Cloud computing has revolutionised how we store, use, and share data. As more and more data is moving to the Cloud, the challenges for data security increase. It is a topic of concern for organisations that are entirely dependent on cloud for their applications.
The security threats have increased even more recently as several employees have started working remotely, and they use a mix of personal and business devices. Due to which there are more possibilities of attack. Preventing data theft and leaks is crucial to prevent loss and also maintain customers’ trust.
What are the threats?
With Cloud computing, there is always a risk of losing sensitive data. Organisations usually collect customer data for providing services and do internal analysis to develop themselves. If Cloud security is breached, there is a significant risk of hackers getting access to the company’s intellectual property, company files, and customer data. Malware and Distributed Denial of Service (DDoS) attacks are other potential risks that can probably lead to data loss and crashing the servers.
There are legal and compliance issues and all the threats, as the governments are getting more stringent with data protection laws. Companies must stay updated with the laws and remain compliant.
Minimising Cloud Computing security threats for your Company
The first and foremost step towards securing your data on Cloud is educating your employees. You must train your employees in proper defence practices to minimise and avoid countless security threats. You must also plan a response protocol that can help the employees in case their data is compromised. A standard operating procedure (SOP) must be formulated that consists of the steps to be taken in such a scenario. You must also conduct security tests simulating threats like phishing without informing your employees. Simulation tests will help you get an overview of how efficiently your employees can handle security breaches.
Also, create a strong off-boarding process for departing employees to ensure that they can no longer access your Cloud storage systems, the data stored, intellectual properties, and any customer data. When an employee leaves your company, make sure you revoke the employee’s access to the applications he was working on. And change the passwords. The companies who cannot manage this internally must consider outsourcing this task to professionals who can create a full-proof setup, implement it, and maintain the whole process.
Real-time analysis and monitoring of your end-user activities will help you spot irregularities from the usual usage patterns. For example, if a user logs in from an unknown device or IP, any abnormal activity could indicate a threat. Real-time monitoring will help you catch and fix issues before they cause any harm.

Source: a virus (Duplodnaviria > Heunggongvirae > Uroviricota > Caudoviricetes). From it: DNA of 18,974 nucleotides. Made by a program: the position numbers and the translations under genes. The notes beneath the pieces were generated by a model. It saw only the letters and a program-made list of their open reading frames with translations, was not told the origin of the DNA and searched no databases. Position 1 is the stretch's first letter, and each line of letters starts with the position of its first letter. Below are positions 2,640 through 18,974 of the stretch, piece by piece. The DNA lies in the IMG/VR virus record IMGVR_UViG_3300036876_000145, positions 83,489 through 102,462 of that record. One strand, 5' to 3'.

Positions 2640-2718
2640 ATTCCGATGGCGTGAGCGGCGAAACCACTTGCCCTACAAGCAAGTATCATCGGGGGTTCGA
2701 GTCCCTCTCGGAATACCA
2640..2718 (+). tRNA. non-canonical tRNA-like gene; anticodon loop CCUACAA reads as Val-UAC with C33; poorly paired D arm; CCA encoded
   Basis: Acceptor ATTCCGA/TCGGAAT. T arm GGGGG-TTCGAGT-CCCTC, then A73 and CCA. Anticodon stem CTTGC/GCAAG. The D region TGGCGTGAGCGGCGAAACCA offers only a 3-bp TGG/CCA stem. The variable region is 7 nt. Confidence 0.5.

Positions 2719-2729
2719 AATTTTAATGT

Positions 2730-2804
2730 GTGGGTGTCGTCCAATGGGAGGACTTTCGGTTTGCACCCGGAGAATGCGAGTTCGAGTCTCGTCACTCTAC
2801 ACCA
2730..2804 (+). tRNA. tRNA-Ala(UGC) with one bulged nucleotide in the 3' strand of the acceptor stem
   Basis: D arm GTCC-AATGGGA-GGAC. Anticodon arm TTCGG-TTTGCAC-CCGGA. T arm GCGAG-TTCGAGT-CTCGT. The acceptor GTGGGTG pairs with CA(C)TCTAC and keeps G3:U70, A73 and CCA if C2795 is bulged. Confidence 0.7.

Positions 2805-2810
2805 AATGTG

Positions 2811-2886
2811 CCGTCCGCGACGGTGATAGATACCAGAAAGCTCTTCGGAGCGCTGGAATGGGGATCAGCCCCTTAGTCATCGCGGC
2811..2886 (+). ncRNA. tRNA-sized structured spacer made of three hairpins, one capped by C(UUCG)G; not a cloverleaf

Your data must have a backup as when you have your data on cloud, there is a constant possibility of permanent data loss. Therefore a backup is essential to keep things running even if your data is compromised.
You must also control the access of data to your employees. Who has access to what data and why needs to be recorded. It is even better to have single sign-on (SSO) authentication capabilities instead of having numerous passwords.
Encryption is essential for Cloud data protection. Encryption ensures that the movement of data in the Cloud is secure. Also, make sure that you do not store the encryption keys in the same software where you store your data. It is preferable to keep physical ownership of encryption keys to IT teams.
Always remember to take your passwords seriously. Your files should be encrypted with passwords, and choosing a strong password is equally essential. Your passwords must contain at least eight characters, including one number, mixed-case letters, and non-alphanumeric symbols. Never keep the same passwords for all accounts.
And last but not least, regularly test your security system. Penetration testing is a reliable way to perform tests. It will help you identify and address vulnerabilities and minimise Cloud security threats. Before performing a penetration test, make sure you inform your Cloud provider before beginning, as it will imitate a real attack. Also, evaluate your weaknesses beforehand and create a list of things that need to be tested.
The volume of data in the Cloud is growing exponentially, which poses a risk for organisations that store and share their data via Cloud. For this, organisations need to understand the security concerns and make informed decisions for their cloud adoption. Though cloud provides immense advantages, however, they come with their own concerns and security threats. Companies must understand that the cloud is very different from an on-premises data centre. They need to step ahead of the traditional security strategies and tools to secure their data effectively.